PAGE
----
The test uses an RNA sample isolated from mosquitoes that is reverse transcribed to cDNA. The cDNA, GenArraytion MultiFLEX ™ kit primers and polymerase are added to a reaction tube or plate well, along with other essential PCR components, and PCR is run. (The GenArraytion MultiFLEX™ kit does not include a polymerase, but can be used and was validated with GoTaq® Probe 1-Step RT-qPCR System and GoTaq® Probe qPCR Master Mix from Promega.)
The PCR product is then combined with a capture bead-based assay available from Luminex. Alternatively, real-time PCR can be performed on mosquito samples using fluorescent probes and a real-time PCR platform to detect results. It takes about 4 hours from the start of PCR to results.
Recent Research and Support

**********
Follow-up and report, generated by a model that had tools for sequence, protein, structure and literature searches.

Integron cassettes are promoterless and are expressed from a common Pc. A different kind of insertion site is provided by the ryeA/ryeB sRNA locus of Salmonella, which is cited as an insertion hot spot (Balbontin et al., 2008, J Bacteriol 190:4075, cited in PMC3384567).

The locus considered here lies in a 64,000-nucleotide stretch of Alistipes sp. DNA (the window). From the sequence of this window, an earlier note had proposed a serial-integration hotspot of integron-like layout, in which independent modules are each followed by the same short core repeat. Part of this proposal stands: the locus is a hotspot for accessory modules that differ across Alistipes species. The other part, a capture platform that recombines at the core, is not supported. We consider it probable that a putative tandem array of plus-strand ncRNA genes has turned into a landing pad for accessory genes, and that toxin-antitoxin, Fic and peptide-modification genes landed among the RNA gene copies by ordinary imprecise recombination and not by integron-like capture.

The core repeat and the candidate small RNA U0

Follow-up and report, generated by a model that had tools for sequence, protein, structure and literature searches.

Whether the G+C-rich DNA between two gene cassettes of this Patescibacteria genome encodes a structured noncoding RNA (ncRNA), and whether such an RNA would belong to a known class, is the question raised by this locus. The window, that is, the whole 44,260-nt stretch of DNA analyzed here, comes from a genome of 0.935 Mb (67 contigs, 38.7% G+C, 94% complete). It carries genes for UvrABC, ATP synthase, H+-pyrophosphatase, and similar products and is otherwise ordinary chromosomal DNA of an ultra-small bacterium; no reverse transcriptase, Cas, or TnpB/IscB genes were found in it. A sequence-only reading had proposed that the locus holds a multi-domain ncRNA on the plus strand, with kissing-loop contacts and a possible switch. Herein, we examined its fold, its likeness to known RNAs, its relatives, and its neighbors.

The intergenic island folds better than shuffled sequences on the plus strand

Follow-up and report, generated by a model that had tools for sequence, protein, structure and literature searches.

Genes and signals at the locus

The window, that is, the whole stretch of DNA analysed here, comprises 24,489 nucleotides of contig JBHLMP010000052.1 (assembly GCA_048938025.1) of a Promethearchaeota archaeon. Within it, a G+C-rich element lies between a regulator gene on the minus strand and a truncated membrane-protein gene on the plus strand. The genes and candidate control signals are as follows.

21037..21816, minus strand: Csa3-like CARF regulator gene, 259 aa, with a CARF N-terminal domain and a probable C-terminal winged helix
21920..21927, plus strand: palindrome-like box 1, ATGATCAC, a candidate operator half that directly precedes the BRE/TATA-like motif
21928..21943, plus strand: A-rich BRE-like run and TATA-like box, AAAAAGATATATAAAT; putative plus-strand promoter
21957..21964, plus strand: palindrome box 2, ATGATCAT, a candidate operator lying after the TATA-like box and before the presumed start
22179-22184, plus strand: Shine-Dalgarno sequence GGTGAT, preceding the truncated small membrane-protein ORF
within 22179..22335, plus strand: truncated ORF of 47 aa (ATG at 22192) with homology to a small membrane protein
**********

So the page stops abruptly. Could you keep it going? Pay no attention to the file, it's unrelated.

In an effort to support Zika virus researchers in their efforts, here are several research publications in which Promega products were used:
Mutebi, J–P. et al. (2004) Genetic Relationships and Evolution of Genotypes of Yellow Fever Virus and Other Members of the Yellow Fever Virus Groups within the Flavivirus Genus Based on the 3’ Noncoding Region. The researchers used pGEM®-T Easy Vectors (Cat.# A1360) to clone Zika virus PCR products.
Hamel, R. et al. (2015) Biology of Zika Virus Infection in Human Skin Cells. M-MLV Reverse Transcriptase (Cat.# M3681) was used with Zika virus RNA in real-time RT-PCR.
Tang, H. et al. (2016) Zika virus infects human cortical neural progenitors and attenuates their growth. GoTaq Green Master Mix (Cat.# M7122) was used in PCR.
Drs. Schaudies and Robinson, in developing the GenArraytion MultiFLEX™ kit, used GoTaq® Probe 1-Step RT-qPCR System (Cat.# A6120) and GoTaq® Probe qPCR Master Mix
Images were generated using information from the Centers for Disease Control.